20. I am really interested in this part about burning your hand Bina and then how you talk about enjoying the drama and the stress as a way to avoid feeling the truth of what was there to be felt. This is amazing because how often am I, and are we, given so many stop points along the way to consider what I and what we are doing and the impact these choices are having on ourselves, on myself, on each other.

  21. Bina, thank you for sharing your story, for we can all learn from this…how far do we let things go before we are actually going to put a stop to it and make some changes? This is a question for all of us to sit with and ponder deeply.

  22. When I am constantly doing I am not giving myself the chance to be still and therefore the quality of what I do suffers. So often I get caught up in thinking I have so much to do so it all needs to be done then and there but I can also feel how hard this is on my body.

  23. Gosh I can relate to what you write here…and I cried reading it today. Learning to love, honour, accept and appreciate yourself deeply is a loving work in progress for me, but really is the most important steps I can take.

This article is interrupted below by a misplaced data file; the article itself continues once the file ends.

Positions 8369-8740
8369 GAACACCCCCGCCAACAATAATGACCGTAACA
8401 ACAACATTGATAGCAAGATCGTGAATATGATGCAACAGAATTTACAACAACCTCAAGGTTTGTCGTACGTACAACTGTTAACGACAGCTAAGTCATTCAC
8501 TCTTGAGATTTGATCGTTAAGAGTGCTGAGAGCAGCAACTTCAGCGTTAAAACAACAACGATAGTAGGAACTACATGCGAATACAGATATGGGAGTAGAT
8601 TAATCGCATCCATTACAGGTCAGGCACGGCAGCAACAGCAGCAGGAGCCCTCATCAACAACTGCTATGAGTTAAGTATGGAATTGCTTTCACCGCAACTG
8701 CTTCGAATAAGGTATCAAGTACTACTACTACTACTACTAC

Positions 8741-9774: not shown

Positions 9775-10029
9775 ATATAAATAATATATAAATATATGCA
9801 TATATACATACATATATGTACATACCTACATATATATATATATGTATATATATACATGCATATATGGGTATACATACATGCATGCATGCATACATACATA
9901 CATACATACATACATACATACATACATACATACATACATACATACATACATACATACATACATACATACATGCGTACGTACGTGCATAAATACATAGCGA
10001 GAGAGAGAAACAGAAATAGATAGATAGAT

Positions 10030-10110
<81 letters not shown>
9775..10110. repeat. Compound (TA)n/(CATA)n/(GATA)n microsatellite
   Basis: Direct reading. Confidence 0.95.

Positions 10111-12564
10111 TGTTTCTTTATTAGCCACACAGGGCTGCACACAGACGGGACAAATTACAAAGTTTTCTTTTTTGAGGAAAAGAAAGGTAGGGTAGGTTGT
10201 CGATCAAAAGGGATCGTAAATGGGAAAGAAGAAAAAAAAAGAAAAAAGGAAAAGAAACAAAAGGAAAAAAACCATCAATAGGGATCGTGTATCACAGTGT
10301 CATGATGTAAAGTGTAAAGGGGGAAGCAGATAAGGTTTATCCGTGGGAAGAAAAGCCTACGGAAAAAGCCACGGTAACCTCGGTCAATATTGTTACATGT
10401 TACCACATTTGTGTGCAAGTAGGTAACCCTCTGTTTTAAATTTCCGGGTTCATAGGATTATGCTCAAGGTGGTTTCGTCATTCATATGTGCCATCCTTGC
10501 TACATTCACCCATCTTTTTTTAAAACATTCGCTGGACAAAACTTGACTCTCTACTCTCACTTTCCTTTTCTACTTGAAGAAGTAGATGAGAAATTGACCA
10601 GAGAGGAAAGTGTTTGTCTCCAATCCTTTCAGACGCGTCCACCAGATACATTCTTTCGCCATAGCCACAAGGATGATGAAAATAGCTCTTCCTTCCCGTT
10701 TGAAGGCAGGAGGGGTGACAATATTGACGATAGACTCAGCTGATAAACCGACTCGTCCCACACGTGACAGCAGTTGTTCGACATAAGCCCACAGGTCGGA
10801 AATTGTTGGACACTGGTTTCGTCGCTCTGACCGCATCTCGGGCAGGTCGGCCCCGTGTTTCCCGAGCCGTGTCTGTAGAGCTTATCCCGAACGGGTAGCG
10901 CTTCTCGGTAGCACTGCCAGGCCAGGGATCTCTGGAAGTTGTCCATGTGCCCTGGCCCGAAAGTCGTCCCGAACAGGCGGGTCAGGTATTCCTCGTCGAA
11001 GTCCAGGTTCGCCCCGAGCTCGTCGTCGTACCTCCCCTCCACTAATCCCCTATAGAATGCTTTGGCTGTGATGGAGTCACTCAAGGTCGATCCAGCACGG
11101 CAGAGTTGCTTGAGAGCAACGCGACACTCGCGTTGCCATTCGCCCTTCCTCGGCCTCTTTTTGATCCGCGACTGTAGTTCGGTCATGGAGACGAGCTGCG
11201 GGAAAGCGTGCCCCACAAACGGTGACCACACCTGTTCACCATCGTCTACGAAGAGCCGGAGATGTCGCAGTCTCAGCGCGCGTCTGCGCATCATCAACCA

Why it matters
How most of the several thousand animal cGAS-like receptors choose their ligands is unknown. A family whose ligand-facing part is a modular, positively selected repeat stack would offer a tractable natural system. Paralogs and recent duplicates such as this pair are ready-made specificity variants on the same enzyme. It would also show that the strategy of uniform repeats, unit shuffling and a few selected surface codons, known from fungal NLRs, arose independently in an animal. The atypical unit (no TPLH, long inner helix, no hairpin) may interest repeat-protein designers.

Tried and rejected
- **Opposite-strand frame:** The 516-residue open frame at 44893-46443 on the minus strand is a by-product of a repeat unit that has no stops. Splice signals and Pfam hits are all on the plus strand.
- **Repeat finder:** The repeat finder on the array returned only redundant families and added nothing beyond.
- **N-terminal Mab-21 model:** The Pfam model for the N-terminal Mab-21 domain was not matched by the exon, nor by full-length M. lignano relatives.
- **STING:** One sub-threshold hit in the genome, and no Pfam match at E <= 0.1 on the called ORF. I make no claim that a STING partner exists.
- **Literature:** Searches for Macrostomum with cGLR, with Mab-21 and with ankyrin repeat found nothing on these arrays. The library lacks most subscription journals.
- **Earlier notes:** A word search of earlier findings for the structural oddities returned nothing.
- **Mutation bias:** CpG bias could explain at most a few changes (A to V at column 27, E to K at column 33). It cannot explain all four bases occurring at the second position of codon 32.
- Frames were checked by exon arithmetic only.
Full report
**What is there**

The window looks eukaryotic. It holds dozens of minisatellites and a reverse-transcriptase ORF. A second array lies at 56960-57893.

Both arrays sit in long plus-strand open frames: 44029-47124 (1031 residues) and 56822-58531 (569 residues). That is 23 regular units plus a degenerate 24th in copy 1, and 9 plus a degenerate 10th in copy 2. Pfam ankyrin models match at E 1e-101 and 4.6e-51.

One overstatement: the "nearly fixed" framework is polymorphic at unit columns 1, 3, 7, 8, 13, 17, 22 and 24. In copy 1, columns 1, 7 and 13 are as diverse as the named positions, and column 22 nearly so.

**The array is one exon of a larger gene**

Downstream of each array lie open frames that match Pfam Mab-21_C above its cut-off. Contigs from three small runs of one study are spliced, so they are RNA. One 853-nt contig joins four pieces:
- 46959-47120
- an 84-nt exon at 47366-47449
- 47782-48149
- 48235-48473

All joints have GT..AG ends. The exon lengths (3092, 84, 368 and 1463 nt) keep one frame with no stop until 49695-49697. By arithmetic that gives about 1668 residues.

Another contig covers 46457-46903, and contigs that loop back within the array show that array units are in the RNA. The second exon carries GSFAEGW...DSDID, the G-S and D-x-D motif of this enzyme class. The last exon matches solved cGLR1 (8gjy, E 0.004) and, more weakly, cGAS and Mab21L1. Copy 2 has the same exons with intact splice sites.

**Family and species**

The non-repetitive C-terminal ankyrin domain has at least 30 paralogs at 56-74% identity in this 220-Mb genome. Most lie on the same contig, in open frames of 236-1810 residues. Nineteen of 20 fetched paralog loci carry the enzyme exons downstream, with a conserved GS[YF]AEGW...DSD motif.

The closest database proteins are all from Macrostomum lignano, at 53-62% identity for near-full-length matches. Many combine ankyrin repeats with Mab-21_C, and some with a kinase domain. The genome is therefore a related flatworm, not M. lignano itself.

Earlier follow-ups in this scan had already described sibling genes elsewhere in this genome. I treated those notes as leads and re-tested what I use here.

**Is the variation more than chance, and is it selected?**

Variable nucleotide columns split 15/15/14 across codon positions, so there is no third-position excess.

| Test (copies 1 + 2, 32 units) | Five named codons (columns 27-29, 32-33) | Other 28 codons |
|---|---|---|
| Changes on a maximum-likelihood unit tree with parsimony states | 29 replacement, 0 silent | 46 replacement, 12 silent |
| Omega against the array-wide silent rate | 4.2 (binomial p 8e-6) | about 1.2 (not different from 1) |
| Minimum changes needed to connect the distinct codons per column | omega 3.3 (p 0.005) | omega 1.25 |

24. Bina with all the amazing work that you do today and the inspiration you show people in how to deeply care for and love themselves, it’s powerful to read the process you went through in building the deep level of love you hold so true today. It shows no matter what a person’s particular issue is, anything can not only be healed but life can transform if we choose.

  25. This is such an inspiring turn-around Bina. It is a part of our divine design that our bodies are in tune with the greater body of the Universe that so holds us and that when we begin to move out of rhythm to this, our body is the messenger that will alert us so that we can then take the necessary steps to bring our movements back into accordance with this Universal pulse. Therefore it is not illness that is a curse or bad luck but simply a sign that our body is doing its job in trying to re-establish order when things have gone a bit wayward.